More to it than a building permit
As an architect I deal with planning departments and building departments all the time. It’s sometimes easy to forget that homeowners aren’t familiar with what they do. Most people know they need a building permit to have work done on their house. So you just take blueprints and a check and visit the local building department, right? Yes, unless the project will change the outside of your house—even the slightest.
That is where the planning department comes in. They are concerned about how the proposed work affects your neighbors. So they carve the city up into zones and make regulations about what kinds of buildings can be in each zone. You, of course, just have a house, and plan on keeping it that way.
However, there are many additional rules for each zone. Rules about maximum size and height of houses, minimum distance to property lines, how many parking spaces and whether they are in a garage, and so on.
Many times I’ve talked to a homeowner who “knew” how far they could extend their house by looking at the neighbor’s. But it’s always best to call the local planning department and ask what the current regulations are. They may have been written after your neighbor’s house was built.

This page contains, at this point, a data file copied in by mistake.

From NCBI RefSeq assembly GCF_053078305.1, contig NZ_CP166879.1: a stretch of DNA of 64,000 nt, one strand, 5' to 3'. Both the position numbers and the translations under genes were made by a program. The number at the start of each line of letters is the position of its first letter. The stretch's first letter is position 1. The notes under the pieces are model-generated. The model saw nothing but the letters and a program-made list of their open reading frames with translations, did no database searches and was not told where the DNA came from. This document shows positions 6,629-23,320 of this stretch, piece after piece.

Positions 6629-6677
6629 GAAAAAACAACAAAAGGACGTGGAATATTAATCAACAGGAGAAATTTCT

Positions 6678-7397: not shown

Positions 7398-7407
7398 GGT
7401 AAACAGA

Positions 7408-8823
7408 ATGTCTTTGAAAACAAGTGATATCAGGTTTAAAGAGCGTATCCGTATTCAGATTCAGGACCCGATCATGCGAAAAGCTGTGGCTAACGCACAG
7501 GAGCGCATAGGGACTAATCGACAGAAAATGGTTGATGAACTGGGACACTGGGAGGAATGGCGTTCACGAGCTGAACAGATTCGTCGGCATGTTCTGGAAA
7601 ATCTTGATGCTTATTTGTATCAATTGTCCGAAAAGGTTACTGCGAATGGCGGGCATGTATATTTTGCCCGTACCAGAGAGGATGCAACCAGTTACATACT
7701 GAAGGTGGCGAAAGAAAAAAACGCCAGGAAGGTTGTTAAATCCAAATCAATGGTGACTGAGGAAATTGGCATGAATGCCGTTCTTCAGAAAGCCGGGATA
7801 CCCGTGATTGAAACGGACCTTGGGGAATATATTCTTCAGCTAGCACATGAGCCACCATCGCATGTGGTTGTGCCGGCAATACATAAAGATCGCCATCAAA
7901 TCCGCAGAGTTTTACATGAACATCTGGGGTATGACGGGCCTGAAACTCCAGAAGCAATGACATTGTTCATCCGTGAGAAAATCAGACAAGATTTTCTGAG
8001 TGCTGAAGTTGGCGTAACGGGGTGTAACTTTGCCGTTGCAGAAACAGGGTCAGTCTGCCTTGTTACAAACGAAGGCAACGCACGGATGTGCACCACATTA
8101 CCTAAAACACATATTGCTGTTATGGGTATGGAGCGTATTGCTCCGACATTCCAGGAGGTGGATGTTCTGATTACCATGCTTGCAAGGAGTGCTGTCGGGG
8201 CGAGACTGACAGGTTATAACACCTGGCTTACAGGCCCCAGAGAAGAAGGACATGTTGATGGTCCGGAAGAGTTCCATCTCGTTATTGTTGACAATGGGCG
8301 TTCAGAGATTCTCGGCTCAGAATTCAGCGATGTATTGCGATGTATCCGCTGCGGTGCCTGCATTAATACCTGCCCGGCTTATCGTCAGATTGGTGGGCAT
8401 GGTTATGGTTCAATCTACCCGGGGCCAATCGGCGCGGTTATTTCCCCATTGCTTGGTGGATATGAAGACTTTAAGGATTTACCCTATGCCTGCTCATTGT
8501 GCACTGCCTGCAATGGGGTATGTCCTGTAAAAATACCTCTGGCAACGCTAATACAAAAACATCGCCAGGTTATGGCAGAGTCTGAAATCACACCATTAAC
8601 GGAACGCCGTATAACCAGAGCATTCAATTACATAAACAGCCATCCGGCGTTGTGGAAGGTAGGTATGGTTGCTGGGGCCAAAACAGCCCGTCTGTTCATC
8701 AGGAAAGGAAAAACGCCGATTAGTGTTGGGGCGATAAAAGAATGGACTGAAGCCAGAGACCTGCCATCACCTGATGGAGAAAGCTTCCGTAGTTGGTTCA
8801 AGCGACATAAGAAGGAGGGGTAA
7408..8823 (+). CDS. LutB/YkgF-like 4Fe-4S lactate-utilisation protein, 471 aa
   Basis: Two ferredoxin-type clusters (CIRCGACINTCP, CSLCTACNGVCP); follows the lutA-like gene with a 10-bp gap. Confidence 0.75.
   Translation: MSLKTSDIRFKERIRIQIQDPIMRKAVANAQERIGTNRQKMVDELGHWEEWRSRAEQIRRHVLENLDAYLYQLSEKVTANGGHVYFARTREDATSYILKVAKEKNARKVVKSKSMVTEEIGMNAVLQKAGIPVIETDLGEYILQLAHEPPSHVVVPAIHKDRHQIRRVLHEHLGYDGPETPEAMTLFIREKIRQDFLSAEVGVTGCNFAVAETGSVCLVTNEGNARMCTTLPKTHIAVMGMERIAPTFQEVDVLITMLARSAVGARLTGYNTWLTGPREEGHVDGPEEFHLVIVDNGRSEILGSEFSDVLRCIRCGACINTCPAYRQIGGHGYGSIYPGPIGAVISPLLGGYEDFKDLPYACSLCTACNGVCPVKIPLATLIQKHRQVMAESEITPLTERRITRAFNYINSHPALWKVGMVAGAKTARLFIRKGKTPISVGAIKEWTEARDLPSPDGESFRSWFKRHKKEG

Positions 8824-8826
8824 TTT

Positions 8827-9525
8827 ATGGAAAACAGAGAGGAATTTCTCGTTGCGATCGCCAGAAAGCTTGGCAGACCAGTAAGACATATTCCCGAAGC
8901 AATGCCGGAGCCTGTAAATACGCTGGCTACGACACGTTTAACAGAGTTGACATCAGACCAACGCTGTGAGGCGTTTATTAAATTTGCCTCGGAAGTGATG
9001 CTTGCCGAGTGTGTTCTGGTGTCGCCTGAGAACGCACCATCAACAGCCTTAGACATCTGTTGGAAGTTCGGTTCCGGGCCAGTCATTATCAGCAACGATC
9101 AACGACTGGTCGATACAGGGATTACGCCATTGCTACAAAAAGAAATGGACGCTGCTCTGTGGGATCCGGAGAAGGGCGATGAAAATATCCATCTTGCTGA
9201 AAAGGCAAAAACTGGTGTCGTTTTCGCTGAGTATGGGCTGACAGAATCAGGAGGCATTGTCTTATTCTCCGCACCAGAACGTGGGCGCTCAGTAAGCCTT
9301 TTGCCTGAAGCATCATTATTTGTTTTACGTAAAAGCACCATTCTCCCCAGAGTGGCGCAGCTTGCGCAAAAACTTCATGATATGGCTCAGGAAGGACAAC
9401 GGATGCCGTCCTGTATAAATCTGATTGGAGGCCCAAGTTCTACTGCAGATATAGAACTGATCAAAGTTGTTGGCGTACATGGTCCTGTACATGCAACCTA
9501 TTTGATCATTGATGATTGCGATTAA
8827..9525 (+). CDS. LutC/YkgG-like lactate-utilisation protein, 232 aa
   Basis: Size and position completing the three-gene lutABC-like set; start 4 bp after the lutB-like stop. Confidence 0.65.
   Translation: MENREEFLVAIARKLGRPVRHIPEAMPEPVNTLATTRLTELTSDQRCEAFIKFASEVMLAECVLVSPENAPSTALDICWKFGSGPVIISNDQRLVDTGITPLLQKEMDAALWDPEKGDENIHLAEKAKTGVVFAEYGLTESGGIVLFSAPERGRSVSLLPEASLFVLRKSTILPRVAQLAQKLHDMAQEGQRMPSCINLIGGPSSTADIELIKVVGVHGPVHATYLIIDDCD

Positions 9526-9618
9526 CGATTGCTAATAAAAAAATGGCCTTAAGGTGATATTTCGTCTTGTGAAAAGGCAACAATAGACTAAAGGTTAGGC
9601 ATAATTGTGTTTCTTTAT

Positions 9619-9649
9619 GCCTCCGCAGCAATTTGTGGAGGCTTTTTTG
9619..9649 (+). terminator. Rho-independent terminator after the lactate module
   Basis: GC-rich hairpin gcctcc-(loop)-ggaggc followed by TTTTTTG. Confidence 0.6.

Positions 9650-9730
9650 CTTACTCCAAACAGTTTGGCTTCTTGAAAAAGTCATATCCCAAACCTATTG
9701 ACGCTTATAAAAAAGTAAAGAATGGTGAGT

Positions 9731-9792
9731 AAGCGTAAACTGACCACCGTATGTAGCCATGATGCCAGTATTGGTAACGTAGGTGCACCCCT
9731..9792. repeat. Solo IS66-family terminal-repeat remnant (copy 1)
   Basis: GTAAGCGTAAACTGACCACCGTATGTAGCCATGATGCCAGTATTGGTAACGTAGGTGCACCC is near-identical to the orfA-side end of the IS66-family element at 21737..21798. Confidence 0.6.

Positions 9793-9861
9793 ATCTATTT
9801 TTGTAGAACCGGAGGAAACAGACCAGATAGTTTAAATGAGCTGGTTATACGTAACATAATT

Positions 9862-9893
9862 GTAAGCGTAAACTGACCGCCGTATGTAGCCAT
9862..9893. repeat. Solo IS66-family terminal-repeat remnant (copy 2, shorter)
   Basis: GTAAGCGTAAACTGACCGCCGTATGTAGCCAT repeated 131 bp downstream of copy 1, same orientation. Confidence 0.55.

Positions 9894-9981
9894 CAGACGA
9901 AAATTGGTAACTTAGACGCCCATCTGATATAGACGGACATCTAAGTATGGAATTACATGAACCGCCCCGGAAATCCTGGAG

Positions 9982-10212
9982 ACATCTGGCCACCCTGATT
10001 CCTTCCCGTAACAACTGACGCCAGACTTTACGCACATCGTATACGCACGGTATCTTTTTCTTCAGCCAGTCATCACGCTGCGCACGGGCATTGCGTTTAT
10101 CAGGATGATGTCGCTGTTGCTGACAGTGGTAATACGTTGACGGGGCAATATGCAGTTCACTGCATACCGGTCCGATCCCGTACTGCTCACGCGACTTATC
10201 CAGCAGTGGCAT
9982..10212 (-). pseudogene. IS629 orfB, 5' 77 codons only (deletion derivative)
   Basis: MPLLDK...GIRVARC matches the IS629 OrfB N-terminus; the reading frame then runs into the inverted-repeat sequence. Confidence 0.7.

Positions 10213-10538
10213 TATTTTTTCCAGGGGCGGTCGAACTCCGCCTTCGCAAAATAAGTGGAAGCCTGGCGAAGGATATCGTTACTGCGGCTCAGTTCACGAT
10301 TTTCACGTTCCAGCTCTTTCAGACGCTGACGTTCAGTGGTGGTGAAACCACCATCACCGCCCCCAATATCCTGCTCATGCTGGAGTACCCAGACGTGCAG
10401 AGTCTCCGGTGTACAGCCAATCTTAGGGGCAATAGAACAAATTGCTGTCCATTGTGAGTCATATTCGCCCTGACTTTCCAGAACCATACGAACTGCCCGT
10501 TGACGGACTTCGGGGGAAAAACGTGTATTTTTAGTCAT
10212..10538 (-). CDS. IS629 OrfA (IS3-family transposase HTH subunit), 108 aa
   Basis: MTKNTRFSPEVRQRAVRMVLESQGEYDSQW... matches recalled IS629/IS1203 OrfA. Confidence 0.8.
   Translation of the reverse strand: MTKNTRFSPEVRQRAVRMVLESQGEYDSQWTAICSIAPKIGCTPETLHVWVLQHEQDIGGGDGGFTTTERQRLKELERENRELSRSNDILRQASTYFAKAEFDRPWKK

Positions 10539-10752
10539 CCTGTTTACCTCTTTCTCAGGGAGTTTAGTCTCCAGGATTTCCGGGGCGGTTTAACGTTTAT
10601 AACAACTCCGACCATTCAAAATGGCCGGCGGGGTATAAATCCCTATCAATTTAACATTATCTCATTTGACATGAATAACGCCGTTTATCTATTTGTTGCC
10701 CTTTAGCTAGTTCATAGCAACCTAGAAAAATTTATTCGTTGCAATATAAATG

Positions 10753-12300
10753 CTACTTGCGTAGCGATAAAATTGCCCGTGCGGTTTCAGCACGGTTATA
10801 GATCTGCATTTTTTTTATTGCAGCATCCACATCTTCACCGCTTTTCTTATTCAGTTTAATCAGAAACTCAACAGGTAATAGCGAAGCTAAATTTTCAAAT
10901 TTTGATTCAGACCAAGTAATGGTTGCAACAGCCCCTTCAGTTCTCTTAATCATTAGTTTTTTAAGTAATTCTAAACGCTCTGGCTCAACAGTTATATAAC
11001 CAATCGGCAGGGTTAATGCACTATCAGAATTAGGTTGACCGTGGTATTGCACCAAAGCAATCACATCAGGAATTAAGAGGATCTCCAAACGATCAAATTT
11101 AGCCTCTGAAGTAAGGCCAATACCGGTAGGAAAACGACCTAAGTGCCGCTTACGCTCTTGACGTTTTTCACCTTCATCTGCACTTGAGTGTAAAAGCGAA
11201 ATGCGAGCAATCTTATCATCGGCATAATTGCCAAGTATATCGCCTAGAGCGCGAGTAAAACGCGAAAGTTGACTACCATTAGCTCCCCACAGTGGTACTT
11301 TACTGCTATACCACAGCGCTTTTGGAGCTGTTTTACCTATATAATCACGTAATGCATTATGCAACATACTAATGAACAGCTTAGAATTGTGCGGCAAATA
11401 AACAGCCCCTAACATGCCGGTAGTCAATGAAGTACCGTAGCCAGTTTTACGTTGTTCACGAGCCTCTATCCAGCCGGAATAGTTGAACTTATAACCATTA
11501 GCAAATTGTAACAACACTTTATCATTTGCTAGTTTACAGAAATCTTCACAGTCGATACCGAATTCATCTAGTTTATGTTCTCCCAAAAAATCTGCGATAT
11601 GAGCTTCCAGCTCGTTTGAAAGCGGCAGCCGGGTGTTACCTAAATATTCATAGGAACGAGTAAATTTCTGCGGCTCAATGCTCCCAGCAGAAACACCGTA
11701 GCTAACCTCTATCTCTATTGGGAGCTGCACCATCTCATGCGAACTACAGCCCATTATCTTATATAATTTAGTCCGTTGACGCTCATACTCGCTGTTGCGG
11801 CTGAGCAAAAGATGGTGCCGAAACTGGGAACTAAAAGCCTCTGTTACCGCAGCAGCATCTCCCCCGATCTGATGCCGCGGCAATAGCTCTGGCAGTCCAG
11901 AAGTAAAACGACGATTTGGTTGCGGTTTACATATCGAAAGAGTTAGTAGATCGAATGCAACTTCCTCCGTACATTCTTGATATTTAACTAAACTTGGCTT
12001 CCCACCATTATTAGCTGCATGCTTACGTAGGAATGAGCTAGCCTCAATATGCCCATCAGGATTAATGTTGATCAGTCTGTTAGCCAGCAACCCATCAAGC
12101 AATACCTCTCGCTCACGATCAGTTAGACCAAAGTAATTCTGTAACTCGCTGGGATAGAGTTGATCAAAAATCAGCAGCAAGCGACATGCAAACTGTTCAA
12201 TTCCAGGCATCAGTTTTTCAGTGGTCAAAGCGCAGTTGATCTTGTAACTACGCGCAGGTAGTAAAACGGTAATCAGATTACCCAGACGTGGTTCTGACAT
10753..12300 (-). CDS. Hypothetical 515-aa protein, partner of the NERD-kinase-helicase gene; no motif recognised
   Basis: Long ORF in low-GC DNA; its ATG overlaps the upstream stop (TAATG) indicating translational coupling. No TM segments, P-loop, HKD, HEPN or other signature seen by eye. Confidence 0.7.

You will need to have the planning department approve your plans before you get a building permit. For additions and new homes it’s best to have your architect draw just enough for this review. So, if the city sees a need for changes, it will be easier to make them.
Many jurisdictions also have a design review as part of the planning approval process. This is their chance to pass judgement on the style of the addition you want. In some cities they even mandate what your replacement window’s frame is made of!
The building department’s function is to enforce the building code. This is not a local regulation. It’s the California Building Code and it’s used throughout the state. Actually, it’s an amended version of a building code now used in all fifty states. A few cities amend it even further, but unlike with zoning regulations, for the most part it’s the same throughout California.
The building code is all about safety and a little about livability. Make the house strong enough to stand up and resist earthquakes and not too quick to burn—those are the main goals. Some of the livability rules address minimum ceiling heights, room sizes, and stair tread sizes.
The permit drawings your architect produces must be approved before you can start. At key times during construction a building inspector will visit to see that everything is being done to code. At the end they will do a final inspection, sign off on the project, and you are done with the bureaucracy. Once again, your home is all yours!
If you would like any further clarification on what planning and building departments do, or how to work with them, feel free to add a comment.